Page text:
Britain's May wins parliament's backing for June 8 snap election
By Elizabeth Piper and Kylie MacLellan
Britain's Prime Minister Theresa May speaks to the media outside 10 Downing Street, in central London, Britain April 18, 2017. REUTERS/Stefan Wermuth
LONDON (Reuters) - Prime Minister Theresa May won parliament's backing for an early election on Wednesday, a vote she said would strengthen her hand in divorce talks with the European Union and help heal divisions in Britain.
May surprised allies and opponents on Tuesday when she announced her plan to bring forward an election that was not due until 2020, saying she needed to avoid a clash of priorities in the sensitive final stages of the two-year Brexit talks.
After addressing a rowdy session of the House of Commons, May won the support of 522 lawmakers in the 650-seat parliament for an election on June 8. Only 13 voted against.
With May seen winning a new five-year mandate and boosting her majority in parliament by perhaps 100 seats, the pound held close to six-and-a-half month highs on hopes she may be able to clinch a smoother, more phased departure from the EU and minimise damage to the UK economy.
"I believe that at this moment of enormous national significance there should be unity here in Westminster, not division," she said.
"A general election will provide the country with five years of strong and stable leadership to see us through the negotiations and ensure we are able to go on to make a success as a result, and that is crucial."
The former interior minister, who became prime minister without an election when her predecessor David Cameron quit after last year's referendum vote for Brexit, enjoys a runaway lead over the main opposition Labour Party in opinion polls.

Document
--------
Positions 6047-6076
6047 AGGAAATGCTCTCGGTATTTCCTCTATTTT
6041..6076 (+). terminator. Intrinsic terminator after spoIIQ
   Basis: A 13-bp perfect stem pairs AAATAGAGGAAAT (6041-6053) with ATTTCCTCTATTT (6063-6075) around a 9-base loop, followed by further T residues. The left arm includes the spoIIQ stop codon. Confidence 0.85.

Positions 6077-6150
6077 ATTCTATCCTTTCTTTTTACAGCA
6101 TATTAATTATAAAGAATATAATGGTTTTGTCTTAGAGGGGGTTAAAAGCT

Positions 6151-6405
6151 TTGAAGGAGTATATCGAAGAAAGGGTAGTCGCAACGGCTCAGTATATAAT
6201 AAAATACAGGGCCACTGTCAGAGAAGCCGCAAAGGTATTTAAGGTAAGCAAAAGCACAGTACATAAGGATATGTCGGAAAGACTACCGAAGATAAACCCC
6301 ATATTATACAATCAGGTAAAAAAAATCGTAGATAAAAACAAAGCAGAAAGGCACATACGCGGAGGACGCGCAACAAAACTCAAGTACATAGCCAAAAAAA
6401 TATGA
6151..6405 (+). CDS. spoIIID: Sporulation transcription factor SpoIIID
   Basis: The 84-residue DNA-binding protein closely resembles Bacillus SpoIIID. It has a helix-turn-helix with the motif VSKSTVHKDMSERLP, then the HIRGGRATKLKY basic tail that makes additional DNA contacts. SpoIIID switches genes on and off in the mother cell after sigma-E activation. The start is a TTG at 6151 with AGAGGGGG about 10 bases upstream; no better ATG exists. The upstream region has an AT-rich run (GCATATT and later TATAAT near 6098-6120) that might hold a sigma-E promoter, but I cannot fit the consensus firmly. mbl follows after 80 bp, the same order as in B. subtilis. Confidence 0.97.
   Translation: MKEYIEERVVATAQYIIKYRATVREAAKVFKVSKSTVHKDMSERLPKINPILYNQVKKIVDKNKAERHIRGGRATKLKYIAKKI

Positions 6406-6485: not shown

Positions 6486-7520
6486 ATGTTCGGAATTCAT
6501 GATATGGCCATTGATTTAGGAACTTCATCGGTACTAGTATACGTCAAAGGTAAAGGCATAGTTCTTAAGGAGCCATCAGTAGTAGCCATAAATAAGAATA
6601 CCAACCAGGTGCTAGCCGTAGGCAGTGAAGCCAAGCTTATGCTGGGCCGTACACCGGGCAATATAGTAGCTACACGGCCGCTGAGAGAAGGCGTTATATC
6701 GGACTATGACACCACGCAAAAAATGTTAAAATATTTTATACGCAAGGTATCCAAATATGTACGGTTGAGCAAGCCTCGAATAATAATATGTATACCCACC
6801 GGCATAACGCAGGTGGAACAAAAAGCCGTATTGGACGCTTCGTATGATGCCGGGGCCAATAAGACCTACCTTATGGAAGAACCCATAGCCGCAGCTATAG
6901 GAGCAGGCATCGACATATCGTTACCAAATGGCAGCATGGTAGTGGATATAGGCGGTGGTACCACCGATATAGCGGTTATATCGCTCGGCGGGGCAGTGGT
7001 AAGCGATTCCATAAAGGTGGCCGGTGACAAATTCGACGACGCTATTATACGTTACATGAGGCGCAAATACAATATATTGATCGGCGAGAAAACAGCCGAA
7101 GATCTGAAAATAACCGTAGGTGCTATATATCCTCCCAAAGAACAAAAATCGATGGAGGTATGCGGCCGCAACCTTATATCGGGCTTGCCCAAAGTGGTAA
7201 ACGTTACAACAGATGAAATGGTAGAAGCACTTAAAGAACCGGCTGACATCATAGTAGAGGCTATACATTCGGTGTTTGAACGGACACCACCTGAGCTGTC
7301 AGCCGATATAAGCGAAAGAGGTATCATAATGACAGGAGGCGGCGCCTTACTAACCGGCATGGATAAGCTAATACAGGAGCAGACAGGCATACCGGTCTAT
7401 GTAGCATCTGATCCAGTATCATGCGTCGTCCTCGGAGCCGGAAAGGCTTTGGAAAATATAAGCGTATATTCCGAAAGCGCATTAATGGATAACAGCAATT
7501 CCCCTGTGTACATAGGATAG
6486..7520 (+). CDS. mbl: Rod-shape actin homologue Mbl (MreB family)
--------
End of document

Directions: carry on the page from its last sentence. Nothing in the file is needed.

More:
She has also played up the strength of the economy, which has so far defied predictions of a slowdown - a key campaign theme that her Conservative Party will use to try to undermine Labour in the election.
A victory would give May a powerful mandate extending until 2022, long enough to cover the Brexit negotiations plus a possible transition period into new trading arrangements with the EU.
The Sun, Britain's top-selling newspaper, splashed the headline "Blue Murder" - a reference to the Conservatives' party colour and the prospect of Labour losing dozens of seats.
May formally notified the European Union on March 29 of Britain's intention to leave, and has said she is confident of reaching a deal on the terms of withdrawal in the two years available.
She said on Tuesday she had "reluctantly" come to the decision to call for an early election because of political division in Westminster, criticising opposition parties for trying to thwart her plans for leaving the EU.
"What do we know that the leader of the Labour Party, the leader of the Liberal Democrats and the leader of the Scottish nationalists have in common?" she asked parliament.
"They want to unite together to divide our country and we will not let them do it."
But for Scotland's first minister, Nicola Sturgeon, the move was a "huge political miscalculation" that could help the Scottish National Party's efforts to hold an independence vote.
"If the SNP wins this election in Scotland and the Tories (Conservatives) don't, then Theresa May's attempt to block our mandate to give the people of Scotland a choice over their own future when the time is right will crumble to dust," said Sturgeon, who heads Scotland's devolved government.
Labour leader Jeremy Corbyn set the tone for his campaign by criticising May for her "broken promises" on healthcare and education, and jabbed at her for not agreeing to take part in television debates before the election.
May, who has described herself as "not a showy politician", said she would rather talk directly to voters.
"I will be debating these issues publicly across the country," she told parliament. "We will be taking a proud record of a Conservative government, but more than that we will taking our plans for the future of this country."
(Additional reporting by William James and Estelle Shirbon, Editing by Mark Trevelyan)
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